Consumer Confidence Rebounds in June

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Consumer confidence in June rose to its highest level in 17 months as recession concerns eased. However, spending plans were mixed. Vacation intentions continued to improve, while the intention to buy homes and big-ticket appliances cooled further due to elevated mortgage rates. This shift in consumer preference from goods to services is likely to continue this year.

The Consumer Confidence Index, reported by the Conference Board, increased 7.2 points from 102.5 to 109.7 in June, the highest level since January 2022. The Present Situation Index rose 6.4 points from 148.9 to 155.3, and the Expectation Situation Index climbed 7.8 points from 71.5 to 79.3, the highest since December 2022. However, it’s still lingering around 80 – a level associated with a recession.

Consumers’ assessment of current business conditions improved in June. The shares of respondents rating business conditions “good” rose by 4.0 percentage points to 23.7%, while those claiming business conditions “bad” fell by 0.4 percentage points to 16.3%. Meanwhile, consumers’ assessment of the labor market was also more favorable. The share of respondents reporting that jobs were “plentiful” increased by 3.5 percentage points, while those saw jobs as “hard to get” fell by 0.2 percentage points.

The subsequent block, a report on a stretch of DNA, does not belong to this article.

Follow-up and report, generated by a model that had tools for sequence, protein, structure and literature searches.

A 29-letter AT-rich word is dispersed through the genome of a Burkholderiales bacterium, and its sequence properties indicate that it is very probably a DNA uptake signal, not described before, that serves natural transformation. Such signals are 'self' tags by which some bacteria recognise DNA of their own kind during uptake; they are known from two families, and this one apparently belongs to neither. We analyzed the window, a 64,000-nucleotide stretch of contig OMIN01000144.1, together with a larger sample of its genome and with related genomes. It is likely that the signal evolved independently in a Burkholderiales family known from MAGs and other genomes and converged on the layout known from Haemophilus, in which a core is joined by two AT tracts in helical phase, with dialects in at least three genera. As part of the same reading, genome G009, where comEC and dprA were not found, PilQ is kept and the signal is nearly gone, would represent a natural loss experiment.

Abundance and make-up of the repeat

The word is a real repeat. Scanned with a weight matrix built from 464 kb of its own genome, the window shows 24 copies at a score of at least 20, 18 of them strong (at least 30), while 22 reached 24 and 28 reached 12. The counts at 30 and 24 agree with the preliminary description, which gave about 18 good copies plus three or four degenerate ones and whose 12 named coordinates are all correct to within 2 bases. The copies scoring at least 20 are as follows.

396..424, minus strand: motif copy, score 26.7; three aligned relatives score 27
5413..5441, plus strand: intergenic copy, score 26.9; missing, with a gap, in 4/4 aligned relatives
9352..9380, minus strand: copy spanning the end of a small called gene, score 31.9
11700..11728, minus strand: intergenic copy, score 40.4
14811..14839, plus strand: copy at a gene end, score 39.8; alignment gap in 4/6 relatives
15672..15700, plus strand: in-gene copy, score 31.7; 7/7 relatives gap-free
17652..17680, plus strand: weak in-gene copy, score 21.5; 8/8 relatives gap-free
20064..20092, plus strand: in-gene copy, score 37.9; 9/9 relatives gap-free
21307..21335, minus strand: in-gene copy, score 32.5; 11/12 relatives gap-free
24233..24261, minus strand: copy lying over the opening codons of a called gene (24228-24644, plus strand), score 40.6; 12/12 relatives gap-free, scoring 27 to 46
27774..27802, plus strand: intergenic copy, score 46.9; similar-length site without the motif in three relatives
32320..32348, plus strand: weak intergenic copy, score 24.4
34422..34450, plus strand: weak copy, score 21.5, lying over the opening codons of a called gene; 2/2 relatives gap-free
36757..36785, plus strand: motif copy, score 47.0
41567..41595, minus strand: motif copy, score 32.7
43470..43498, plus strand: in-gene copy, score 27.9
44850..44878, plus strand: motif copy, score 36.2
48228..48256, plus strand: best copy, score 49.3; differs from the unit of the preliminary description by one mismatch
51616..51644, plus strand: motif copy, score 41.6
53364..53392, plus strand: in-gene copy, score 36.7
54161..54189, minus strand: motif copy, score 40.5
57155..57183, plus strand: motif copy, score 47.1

Consumers were marginally more optimistic about the short-term outlook. The share of respondents expecting business conditions to improve rose from 13.2% to 14.2%, while those expecting business conditions to deteriorate fell from 21.4% to 17.7%. Similarly, expectations of employment over the next six months were more positive. The share of respondents expecting “more jobs” increased by 1.7 percentage points to 15.5%, and those anticipating “fewer jobs” decreased by 5.1 percentage points to 16.0%.

The Conference Board also reported the share of respondents planning to buy a home within six months. The share of respondents planning to buy a home fell slightly to 5.5% in June. The share of respondents planning to buy a newly constructed home marginally decreased to 0.5%, while for those who planning to buy an existing home declined to 2.2%.



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  1. This article highlights the rebound in consumer confidence, which is a positive sign for the construction industry. With increased confidence, individuals may be more inclined to take on construction projects, potentially leading to higher demand for construction loans.

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